To better understand the Islamic perspective on abortion, it is important to highlight the concept of abortion according to other faiths. All major religions strictly value the sanctity of life and consider it highly precious. Although the teachings of these faiths generally oppose abortion except for a few exceptions, none of these has provided an in-depth analysis of this very important issue. Islam on the other hand discusses abortion in great detail focussing on its prohibition, permissibility, guiding principles, logical reasons and underlying philosophy behind its laws.

According to the Christian faith, “you shall not murder” and any deliberate act of taking a human life breaks the sixth commandment. According to the Catholic Church abortion is not permitted in any circumstances, however, it is not considered unlawful if it occurs whilst saving a pregnant women’s life.[10]

In the Jewish faith, abortion is forbidden except when the life of the mother is at risk.[11]

Sikhism, Hinduism and Buddhism adopt a pro-life approach and condemn abortion. Hinduism allows abortion when it is necessary to save the life of the mother.[12]

In Islam, guidance on any matter, be it personal or communal, is sought from the “Sharia law” (divine law derived from the Holy Quran and Hadith) and “Fiqh” (human scholarly interpretations of Islamic teachings). The Holy Quran is the last and final message from God (“Allah” in Arabic) to mankind. Hadith refers to teachings, sayings and practices of God’s last and final messenger, Prophet Muhammad, peace be upon him (PBUH).

The Holy Quran describes the creation of a human being in the mother’s womb in great detail in many chapters. It mentions the stages beginning from a “nutfah” (a drop of fluid) to the definitive human form. These verses translate as “We (Allah) created man from a quintessence of clay. We then placed him as a nutfah (drop) in a place of settlement, firmly fixed, then We made the drop into an alaqah (leech-like structure), and then We changed the alaqah into a mudghah (chewed-like substance), then We made out of that mudghah, izam (skeleton, bones), then We clothed the bones with Lahm (muscles, flesh, then We caused him to grow and come in being and attain the definitive (human) form. So, blessed be God, the best to create. [13].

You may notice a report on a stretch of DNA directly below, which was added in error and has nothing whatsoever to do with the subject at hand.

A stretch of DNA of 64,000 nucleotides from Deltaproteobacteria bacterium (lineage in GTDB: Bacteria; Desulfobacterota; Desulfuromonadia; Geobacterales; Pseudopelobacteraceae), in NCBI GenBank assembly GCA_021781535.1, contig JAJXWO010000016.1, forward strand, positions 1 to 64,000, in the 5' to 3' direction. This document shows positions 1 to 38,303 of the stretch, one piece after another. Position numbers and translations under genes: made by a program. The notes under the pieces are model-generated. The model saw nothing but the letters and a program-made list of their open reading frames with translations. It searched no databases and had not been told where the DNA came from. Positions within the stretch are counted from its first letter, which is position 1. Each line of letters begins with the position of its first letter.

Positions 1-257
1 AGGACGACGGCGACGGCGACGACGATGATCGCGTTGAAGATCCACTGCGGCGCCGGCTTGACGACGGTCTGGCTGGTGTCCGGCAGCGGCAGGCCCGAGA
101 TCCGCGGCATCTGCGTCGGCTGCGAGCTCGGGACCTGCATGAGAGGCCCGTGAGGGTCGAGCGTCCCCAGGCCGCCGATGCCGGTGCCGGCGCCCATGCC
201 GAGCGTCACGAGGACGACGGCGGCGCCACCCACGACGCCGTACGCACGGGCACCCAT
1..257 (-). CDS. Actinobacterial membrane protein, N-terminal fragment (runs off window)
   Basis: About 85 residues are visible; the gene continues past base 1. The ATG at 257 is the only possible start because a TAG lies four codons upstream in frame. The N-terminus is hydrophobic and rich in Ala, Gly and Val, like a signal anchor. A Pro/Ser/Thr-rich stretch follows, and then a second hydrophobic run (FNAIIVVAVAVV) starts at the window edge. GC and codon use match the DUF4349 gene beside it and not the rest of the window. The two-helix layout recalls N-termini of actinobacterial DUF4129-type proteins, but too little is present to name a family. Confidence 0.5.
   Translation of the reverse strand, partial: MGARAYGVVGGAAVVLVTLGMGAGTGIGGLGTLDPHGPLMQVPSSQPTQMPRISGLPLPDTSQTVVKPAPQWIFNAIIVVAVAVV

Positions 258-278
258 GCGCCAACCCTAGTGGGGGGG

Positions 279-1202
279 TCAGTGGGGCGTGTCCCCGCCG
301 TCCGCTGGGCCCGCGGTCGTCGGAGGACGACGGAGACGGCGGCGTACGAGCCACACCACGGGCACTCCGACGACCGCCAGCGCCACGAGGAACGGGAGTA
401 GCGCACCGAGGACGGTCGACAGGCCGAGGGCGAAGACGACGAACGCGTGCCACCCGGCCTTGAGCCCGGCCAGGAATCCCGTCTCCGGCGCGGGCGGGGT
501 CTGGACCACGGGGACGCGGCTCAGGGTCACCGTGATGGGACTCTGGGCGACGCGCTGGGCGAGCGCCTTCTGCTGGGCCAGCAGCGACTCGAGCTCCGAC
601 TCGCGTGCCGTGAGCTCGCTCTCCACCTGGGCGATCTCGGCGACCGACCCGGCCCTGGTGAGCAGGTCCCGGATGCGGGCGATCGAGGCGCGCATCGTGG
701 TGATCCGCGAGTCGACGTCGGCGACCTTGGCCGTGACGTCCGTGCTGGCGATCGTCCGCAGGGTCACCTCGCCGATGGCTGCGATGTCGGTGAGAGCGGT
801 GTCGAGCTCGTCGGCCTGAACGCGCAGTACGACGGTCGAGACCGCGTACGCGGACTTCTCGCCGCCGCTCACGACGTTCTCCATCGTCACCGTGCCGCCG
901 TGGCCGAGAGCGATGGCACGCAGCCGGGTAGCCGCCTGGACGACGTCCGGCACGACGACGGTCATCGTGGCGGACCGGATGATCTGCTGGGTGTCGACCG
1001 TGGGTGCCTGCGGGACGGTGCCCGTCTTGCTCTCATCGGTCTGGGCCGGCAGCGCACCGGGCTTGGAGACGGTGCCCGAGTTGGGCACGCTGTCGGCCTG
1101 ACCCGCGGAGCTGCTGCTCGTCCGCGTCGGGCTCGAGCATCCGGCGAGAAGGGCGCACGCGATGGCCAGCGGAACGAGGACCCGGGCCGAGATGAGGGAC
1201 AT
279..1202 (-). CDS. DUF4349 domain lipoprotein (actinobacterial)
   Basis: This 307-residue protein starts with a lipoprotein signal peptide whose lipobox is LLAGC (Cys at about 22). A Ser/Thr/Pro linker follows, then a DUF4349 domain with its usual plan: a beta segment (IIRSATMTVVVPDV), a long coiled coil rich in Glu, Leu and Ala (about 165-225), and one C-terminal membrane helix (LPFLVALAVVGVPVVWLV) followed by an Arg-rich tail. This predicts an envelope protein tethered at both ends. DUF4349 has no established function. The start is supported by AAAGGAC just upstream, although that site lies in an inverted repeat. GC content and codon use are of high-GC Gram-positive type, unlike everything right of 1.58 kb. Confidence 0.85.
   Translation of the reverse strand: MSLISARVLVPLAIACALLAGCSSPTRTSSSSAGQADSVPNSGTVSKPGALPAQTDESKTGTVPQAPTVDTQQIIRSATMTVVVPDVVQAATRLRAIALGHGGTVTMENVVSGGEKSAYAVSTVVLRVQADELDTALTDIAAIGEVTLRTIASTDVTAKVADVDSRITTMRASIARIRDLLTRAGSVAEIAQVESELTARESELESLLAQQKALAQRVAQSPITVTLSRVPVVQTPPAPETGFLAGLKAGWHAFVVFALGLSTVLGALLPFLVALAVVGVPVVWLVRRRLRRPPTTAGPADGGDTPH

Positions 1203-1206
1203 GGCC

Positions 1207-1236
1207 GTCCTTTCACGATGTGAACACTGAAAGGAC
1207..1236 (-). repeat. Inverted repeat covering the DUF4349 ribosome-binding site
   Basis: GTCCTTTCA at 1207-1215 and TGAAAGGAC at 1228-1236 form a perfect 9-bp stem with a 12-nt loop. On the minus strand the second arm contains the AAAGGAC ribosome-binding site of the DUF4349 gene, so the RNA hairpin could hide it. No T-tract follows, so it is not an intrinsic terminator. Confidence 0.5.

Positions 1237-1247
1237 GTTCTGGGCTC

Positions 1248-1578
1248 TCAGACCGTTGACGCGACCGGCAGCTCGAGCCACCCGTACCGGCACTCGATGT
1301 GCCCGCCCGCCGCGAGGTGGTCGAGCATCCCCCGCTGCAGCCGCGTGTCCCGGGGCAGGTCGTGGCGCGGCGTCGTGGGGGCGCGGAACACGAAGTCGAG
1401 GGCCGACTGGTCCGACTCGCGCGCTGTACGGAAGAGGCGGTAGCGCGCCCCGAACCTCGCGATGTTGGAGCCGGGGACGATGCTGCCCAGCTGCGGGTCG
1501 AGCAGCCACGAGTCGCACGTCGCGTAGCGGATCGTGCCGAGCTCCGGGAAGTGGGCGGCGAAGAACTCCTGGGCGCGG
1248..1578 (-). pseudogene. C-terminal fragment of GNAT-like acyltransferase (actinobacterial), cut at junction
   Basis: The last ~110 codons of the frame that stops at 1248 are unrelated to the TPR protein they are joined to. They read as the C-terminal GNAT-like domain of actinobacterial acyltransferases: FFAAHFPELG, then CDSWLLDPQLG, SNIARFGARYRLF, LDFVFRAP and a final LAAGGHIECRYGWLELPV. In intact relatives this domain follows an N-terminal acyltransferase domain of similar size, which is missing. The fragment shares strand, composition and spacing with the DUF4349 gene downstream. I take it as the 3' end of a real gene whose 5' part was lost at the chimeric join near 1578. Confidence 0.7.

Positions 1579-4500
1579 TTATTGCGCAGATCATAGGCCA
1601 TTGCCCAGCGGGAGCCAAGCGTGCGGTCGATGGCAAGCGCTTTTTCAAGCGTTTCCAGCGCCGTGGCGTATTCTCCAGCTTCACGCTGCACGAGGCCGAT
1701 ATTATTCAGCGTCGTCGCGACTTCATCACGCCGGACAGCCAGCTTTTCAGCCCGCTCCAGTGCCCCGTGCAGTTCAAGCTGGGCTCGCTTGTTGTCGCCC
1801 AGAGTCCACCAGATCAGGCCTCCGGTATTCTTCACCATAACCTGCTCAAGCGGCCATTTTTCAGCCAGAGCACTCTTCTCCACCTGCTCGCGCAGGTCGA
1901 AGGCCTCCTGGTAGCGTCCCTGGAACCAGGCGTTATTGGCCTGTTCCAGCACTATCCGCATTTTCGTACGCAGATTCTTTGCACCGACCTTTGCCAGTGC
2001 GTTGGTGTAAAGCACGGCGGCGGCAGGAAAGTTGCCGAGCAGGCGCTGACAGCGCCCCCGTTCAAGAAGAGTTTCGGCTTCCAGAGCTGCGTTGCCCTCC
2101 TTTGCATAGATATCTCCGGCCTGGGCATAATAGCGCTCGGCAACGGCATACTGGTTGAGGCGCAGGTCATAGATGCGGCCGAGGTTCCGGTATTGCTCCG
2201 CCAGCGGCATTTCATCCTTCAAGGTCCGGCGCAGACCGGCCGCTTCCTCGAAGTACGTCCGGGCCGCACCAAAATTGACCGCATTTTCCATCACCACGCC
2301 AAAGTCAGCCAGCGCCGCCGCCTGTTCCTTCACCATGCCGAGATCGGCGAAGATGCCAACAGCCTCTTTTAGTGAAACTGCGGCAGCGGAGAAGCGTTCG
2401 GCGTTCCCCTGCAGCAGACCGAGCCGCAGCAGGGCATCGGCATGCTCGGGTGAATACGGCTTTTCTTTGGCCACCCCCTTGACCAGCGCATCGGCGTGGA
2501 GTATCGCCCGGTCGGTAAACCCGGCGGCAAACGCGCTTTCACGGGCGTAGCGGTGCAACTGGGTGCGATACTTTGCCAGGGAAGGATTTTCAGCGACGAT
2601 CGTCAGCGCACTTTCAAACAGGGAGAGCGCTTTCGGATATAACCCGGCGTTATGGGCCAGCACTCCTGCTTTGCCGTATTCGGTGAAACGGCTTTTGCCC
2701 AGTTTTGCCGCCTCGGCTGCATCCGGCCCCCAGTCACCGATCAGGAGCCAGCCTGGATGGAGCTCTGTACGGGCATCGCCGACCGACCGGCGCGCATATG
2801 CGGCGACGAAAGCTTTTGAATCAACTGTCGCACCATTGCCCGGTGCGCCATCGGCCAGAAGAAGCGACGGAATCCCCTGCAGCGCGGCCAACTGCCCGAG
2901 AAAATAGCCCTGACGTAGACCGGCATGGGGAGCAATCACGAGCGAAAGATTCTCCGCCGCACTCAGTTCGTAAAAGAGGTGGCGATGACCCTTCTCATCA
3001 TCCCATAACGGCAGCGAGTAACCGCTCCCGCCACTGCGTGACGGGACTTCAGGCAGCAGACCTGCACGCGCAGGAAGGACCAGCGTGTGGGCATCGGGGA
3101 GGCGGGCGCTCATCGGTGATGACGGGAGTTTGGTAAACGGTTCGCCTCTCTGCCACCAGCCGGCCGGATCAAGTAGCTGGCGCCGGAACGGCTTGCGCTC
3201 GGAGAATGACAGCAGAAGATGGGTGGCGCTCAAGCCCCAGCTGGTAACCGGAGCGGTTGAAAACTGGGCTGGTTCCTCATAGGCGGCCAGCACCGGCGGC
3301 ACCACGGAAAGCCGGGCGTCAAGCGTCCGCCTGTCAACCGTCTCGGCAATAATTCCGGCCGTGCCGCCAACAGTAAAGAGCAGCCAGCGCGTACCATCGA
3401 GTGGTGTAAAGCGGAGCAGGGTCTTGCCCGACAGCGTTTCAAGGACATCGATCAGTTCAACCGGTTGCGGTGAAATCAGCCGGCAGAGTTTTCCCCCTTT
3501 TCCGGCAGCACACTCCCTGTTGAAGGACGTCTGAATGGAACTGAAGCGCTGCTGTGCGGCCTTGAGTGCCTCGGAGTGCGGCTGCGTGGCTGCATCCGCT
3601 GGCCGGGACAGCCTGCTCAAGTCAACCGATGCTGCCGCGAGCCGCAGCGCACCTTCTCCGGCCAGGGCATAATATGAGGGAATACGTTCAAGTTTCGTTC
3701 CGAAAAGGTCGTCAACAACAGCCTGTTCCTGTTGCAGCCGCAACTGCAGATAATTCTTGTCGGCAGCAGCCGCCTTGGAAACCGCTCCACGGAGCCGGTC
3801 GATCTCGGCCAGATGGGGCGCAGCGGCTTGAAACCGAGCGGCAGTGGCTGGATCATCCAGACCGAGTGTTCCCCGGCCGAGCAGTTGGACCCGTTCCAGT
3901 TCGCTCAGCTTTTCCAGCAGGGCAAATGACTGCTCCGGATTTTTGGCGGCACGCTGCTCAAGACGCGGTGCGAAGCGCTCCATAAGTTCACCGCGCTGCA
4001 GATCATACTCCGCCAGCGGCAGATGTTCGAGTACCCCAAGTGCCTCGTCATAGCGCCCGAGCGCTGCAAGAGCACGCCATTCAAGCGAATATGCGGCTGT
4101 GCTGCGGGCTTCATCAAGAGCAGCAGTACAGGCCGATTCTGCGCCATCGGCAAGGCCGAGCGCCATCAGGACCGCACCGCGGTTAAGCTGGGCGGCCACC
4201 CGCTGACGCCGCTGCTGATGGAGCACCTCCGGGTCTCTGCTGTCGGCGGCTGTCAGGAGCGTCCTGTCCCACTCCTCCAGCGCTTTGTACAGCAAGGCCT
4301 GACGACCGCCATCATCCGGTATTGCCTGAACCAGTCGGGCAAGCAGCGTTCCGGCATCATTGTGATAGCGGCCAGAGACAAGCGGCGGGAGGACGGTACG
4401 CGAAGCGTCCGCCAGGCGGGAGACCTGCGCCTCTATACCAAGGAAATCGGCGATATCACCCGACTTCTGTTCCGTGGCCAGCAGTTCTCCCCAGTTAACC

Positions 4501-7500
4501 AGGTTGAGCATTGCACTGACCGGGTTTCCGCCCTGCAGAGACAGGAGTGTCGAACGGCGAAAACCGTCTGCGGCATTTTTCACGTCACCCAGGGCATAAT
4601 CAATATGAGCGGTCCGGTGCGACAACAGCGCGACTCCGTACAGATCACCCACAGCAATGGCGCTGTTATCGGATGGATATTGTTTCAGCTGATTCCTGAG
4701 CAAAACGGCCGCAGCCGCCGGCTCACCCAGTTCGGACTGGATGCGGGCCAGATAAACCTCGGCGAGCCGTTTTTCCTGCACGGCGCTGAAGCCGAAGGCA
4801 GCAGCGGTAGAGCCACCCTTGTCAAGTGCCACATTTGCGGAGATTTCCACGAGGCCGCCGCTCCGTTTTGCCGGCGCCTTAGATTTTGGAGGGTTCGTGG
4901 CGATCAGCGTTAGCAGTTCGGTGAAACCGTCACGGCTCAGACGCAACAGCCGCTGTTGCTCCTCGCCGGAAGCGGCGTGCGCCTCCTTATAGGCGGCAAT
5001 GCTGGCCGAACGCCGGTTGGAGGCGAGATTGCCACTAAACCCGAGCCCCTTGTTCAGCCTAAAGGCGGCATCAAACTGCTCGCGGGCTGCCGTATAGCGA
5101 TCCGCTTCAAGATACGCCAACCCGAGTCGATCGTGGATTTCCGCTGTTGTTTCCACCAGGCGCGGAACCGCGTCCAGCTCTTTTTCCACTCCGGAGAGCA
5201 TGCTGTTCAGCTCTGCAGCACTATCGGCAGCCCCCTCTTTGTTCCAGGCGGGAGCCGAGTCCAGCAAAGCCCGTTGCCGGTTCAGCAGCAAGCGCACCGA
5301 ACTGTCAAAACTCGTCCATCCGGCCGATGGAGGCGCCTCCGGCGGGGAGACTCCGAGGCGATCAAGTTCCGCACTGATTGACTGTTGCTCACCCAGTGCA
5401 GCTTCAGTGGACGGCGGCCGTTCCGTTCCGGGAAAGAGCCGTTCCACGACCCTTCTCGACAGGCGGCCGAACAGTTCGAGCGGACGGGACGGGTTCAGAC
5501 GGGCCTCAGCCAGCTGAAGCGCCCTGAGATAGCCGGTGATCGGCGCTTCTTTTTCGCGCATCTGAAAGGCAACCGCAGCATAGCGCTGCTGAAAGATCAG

“Nutfah” refers to the stage from conception to 40 days after the ovum has been fertilised.  From 40 to 80 days, it is termed as “Alaqah” (blood clot); when the fertilised ovum looks like a blood clot. “Mudgha” is the name given to an embryo which is a stage between 80-120 days. The final stage is described as “khalaqanakhar” which refers to the definite human form. This happens after 120 days of conception (i;e 4 months) when the soul enters the body. It is at this stage that the embryo acquires a more human form, with almost all the vital organs differentiated and functioning effectively [14]. This stage is very important as it makes the basis of various Islamic rulings on abortion. This is discussed in the coming paragraphs. All of these stages of human development have been confirmed by modern-day embryologists who are amazed by the accuracy of such details described more than 1500 years ago.

No other religion has emphasised the sanctity of life as highly than Islam. There are numerous verses in the Holy Quran and sayings of Prophet Muhammad (PBUH) describing how precious life in the eyes of its creator (God) is. It not only condemns the killing of an innocent soul, but it classes it as a major sin and prescribes the harshest of punishments for the perpetrator.  “if anyone slew a person – unless it is for murder or for spreading mischief in the land – it would be as if he slew the whole people: and if any one saved a life, it would be as if he saved the life of the whole people.”[15]

 Before Islam, it was a common practice among Arab pagans society to kill their female children out of perceived shame, honour and poverty.  Islam strictly forbade such practices as mentioned in the Holy Quran; “Do not kill your children for fear of poverty. We provide sustenance to them and to you, too. Killing them is a great sin indeed.[16]